Husband’s Great Grand Father(Bada Dada Sasur) Wife’s Great Grand Mother (Badi Dadi Sas)
Brother’s Wife(Bhabhi) Mother’s Brother’s Wife (Mami)
Husband’s Brother’s Wife(Devrani or Jithani)

Notes:

  1. Subject to clubbing provisions applicable for Gift received from Spouse and Parent-in-Law.
  2. The individual can receive gifts without attracting tax also from lineal ascendents and decendents of the individual/spouse of the individual other than those mentioned in the above chart.

Valuation rules for determining ‘fair market value of gifts’

Background:

The Finance (No. 2) Act, 2009 has inserted clause (vii) in section 56(2) of the Income-tax Act (‘the Act’) to tax an Individual or a Hindu Undivided Family (HUF) who is receiving any asset which is in the nature of shares and securities, jewellery, archaeological collections, drawings, paintings, sculptures or any work of art (specified assets) without consideration or for inadequate consideration i.e. consideration which is less than fair market value (FMV) by an amount exceeding Rs. 50,000. Further, the Finance Bill, 2010 proposes to insert a similar provision to tax receipt of shares of a closely-held company by a firm or another closely held company. If Bill is enacted and become part of the law, then, the rules notified will also apply to the valuation of shares covered by the proposed provisions.

Synopsis of the Rules

The rules 11U and 11UA prescribes the different methods for the purpose of valuation of specified assets.

The FMV of the specified asset needs to be determined on a date on which such specified assets are received by the assessee.

The determination of FMV, under this rule, will be only for the purpose of section 56 of the Act.

Notification No. 23/ 2010, which shall come into force from 1st October, 2009. Further, specified assets received from relative are not covered by the provisions of Section 56(2)(vii) of the Act.

Methods of Valuation

  1. 1. Valuation of Specified assets (other than shares & securities)
Description of the property Basis for determination of FMV
Specified assets other than shares and securities Estimated price which specified asset will fetch if sold in the open market on the valuation date.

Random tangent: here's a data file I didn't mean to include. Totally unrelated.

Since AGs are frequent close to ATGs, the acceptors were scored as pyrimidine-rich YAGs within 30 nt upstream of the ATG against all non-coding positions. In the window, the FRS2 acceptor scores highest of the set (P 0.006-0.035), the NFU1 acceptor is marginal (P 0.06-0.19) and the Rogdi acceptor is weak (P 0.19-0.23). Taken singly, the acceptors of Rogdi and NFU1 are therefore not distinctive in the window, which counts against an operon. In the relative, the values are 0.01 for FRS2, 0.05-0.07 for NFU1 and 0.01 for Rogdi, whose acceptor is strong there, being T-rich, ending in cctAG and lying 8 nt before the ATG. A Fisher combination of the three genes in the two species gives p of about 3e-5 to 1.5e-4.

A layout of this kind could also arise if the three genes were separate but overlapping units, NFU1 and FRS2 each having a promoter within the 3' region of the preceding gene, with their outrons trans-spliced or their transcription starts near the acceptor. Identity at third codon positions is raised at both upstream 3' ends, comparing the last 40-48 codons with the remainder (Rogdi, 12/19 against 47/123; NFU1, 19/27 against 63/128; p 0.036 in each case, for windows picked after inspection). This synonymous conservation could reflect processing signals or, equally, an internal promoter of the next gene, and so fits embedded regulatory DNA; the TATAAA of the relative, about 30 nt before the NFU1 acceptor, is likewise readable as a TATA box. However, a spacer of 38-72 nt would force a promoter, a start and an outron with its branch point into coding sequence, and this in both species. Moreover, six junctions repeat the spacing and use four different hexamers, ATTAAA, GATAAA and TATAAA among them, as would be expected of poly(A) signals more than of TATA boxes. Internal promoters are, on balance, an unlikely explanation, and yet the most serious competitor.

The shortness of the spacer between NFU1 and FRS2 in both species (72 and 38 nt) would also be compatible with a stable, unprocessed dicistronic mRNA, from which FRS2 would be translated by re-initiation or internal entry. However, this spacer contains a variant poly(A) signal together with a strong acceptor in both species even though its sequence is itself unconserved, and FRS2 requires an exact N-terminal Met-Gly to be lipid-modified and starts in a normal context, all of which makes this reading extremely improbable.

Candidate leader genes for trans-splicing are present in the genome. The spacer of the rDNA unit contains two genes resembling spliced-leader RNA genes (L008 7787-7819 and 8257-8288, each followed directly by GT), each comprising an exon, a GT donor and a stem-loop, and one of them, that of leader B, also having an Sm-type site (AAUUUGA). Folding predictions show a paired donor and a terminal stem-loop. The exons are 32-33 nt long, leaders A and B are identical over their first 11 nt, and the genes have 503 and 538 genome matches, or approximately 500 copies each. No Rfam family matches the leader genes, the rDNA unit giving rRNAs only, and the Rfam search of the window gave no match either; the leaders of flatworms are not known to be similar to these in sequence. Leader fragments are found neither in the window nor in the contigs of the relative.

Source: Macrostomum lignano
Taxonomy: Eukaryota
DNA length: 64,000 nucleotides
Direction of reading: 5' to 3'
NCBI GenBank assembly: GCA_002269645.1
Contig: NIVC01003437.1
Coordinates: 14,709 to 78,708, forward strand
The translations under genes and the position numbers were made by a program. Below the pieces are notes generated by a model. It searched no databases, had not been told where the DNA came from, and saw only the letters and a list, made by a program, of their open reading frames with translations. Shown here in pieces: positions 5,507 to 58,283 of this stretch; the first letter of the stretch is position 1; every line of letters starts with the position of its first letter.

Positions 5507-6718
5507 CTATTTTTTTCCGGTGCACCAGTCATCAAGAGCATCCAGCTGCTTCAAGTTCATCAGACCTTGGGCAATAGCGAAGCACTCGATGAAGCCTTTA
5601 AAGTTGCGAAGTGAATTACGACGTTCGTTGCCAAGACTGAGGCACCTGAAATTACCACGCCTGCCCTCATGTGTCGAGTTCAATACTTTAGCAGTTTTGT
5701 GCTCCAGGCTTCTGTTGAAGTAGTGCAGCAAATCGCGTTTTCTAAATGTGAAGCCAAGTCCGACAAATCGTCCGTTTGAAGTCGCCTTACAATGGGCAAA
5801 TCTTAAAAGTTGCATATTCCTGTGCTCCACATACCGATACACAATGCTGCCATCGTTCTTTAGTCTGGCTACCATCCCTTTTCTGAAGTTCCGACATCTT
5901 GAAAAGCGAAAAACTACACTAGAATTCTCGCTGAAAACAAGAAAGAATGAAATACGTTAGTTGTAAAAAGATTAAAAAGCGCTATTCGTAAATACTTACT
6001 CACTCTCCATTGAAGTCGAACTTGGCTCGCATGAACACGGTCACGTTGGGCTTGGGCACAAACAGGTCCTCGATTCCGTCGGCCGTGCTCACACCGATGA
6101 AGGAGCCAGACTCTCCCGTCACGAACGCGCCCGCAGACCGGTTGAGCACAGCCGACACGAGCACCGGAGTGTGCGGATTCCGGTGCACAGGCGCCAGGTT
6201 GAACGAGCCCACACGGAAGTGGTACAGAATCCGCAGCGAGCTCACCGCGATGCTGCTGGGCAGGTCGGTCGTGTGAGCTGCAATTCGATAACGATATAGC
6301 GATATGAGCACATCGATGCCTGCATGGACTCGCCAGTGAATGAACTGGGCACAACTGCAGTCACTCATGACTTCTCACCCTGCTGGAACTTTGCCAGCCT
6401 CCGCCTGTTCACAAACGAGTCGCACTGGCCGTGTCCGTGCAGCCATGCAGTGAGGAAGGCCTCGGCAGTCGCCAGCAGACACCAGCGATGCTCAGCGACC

In case if specified assets are received by the way of purchase on the valuation date from the Registered Dealer (means a dealer who is registered under Central Sales-tax Act, 1956 or General Sales-tax Law for time being in force in any state including value added tax laws). FMV is the Invoice Value of the asset.
In case if specified assets are received by any other mode and the value of the specified assets exceeds Rs. 50,000. The assessee may obtain the report of registered valuer in respect of the price it would fetch if sold in the open market on the valuation date.

A registered valuer is a person who is entitled to function as registered valuer for the purpose of the Wealth Tax Act.

  1. 2. Valuation of Shares & Securities
  • Valuation of Quoted Shares & Securities
Description of the property Basis for determination of FMV
If quoted shares and securities are received by way of transaction carried out through any Recognized Stock Exchange (RSE) Transaction value recorded in such RSE.
If quoted shares and securities are received by way of transaction carried out other than through any RSE. Lowest price quoted on any RSE on the valuation date.

If in case there is no trading on the valuation date, then, FMV will be lowest price on the date immediately preceding the valuation date when trading happened.

  • Valuation of Un-quoted Shares
Description of the property Basis for determination of FMV
Unquoted Equity Shares Value as per the balance sheet (including notes
thereto) on the valuation date in terms of the following
formula:

(A – L) x PV
—————
PE

Where,

A = Book value of assets in balance sheet
less

advance income-tax paid,
any amount which does
not represent the value of any asset, including debit
balance in profit & loss account

L = Book value of liabilities in balance sheet
less

(i) paid-up equity capital;
(ii) amount set aside for undeclared dividend;